In a blockbuster statement released on Friday, the American Trucking Associations (ATA) said that “drivers are exempt from vaccine mandate.”
The ATA’s Friday statement came after the Occupational Safety and Health Administration (OSHA) issued an Interim Final Rule dealing with sweeping new private sector vaccine requirements was shared with the public on Thursday, November 4, prior to publication in the Federal Register Friday.
Under the rule, which affects private sector employers with 100 or more employees, workers must show proof of full COVID-19 vaccination or submit to weekly testing, effective January 4. Unvaccinated workers would also be required to wear face masks starting December 5.
While Thursday’s news drew ire from trucking industry groups (the Truckload Carrier’s Association called the mandate “disastrous” for the already struggling U.S. supply chain and the trucking industry at large), the ATA says that they believe that solo truckers will in fact be exempt from vaccine requirements due to the solitary nature of their jobs.
The ATA’s belief that many truckers will be exempt is based on a statement made late on November 4 by U.S. Labor Secretary Marty Walsh, who said, “If you’re a truck driver and you’re outside, you’re in a cab driving by yourself, this doesn’t impact you. If you’re a worker outside working in the area, this doesn’t impact you.”
From ATA President and CEO Chris Spear:
“As we made clear in our comments to the Administration prior to the rule’s publication, drivers spend the vast majority of their workday alone in the cab and outside. The rule published yesterday exempts employees who exclusively work outdoors or remotely and have minimal contact with others indoors, and all indications thus far from the Department of Labor suggest this exemption does apply to the commercial truck driver population.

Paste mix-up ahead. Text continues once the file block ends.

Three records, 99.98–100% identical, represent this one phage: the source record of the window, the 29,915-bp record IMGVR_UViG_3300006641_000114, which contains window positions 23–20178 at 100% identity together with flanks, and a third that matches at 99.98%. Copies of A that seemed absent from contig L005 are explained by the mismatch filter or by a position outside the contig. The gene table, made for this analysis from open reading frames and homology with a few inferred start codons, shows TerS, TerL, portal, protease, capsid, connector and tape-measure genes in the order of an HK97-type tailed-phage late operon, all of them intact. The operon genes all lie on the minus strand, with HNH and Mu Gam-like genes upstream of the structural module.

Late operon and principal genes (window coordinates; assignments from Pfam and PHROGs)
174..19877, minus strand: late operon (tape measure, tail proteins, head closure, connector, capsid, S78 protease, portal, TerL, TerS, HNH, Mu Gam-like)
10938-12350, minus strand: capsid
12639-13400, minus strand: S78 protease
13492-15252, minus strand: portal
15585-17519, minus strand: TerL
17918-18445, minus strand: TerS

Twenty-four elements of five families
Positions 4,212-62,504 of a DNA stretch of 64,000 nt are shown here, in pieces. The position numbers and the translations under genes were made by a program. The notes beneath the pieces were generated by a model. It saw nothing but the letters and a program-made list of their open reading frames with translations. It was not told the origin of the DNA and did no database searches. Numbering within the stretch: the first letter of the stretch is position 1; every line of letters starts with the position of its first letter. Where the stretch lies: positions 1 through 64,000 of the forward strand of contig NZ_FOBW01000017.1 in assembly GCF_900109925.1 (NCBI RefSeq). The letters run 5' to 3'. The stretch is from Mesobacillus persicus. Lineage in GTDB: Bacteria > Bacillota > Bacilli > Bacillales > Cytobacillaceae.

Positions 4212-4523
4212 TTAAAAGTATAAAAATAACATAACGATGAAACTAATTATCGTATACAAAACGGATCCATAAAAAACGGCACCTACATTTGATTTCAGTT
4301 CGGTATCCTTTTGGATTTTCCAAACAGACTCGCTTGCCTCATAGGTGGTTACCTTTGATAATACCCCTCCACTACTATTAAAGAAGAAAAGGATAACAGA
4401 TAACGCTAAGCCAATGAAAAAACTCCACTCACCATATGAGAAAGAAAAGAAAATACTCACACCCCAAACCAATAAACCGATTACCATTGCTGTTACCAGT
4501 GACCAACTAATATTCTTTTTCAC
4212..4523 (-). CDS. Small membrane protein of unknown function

While we complete our due diligence to confirm that fact through official channels, we see quotes from Labor Secretary Walsh as an enormous victory for our association and industry. Given the nationwide shortage of truck drivers, it is vital that our industry has the relief it needs to keep critical goods moving, including food, fuel, medicine and the vaccine itself.
We continue to believe OSHA is using extraordinary authority unwisely, applying it across all industries at an arbitrary threshold of 100 employees that fails to factor in actual risks. We are weighing all options of recourse to ensure every segment of our industry’s workforce is shielded from the unintended consequences of this misguided mandate.”
The mandate also faces multiple legal challenges.
While federal officials are still working to hammer out details on how the vaccine mandate will be applied to the work force, the ATA statement should provide some amount of relief for the trucking industry.
The ATA previously stated that they believed that the vaccine mandate could force as many as 37% of truck drivers to leave the trucking industry entirely at a time when supply chain disruptions and industry labor issues are becoming an increasing point of concern.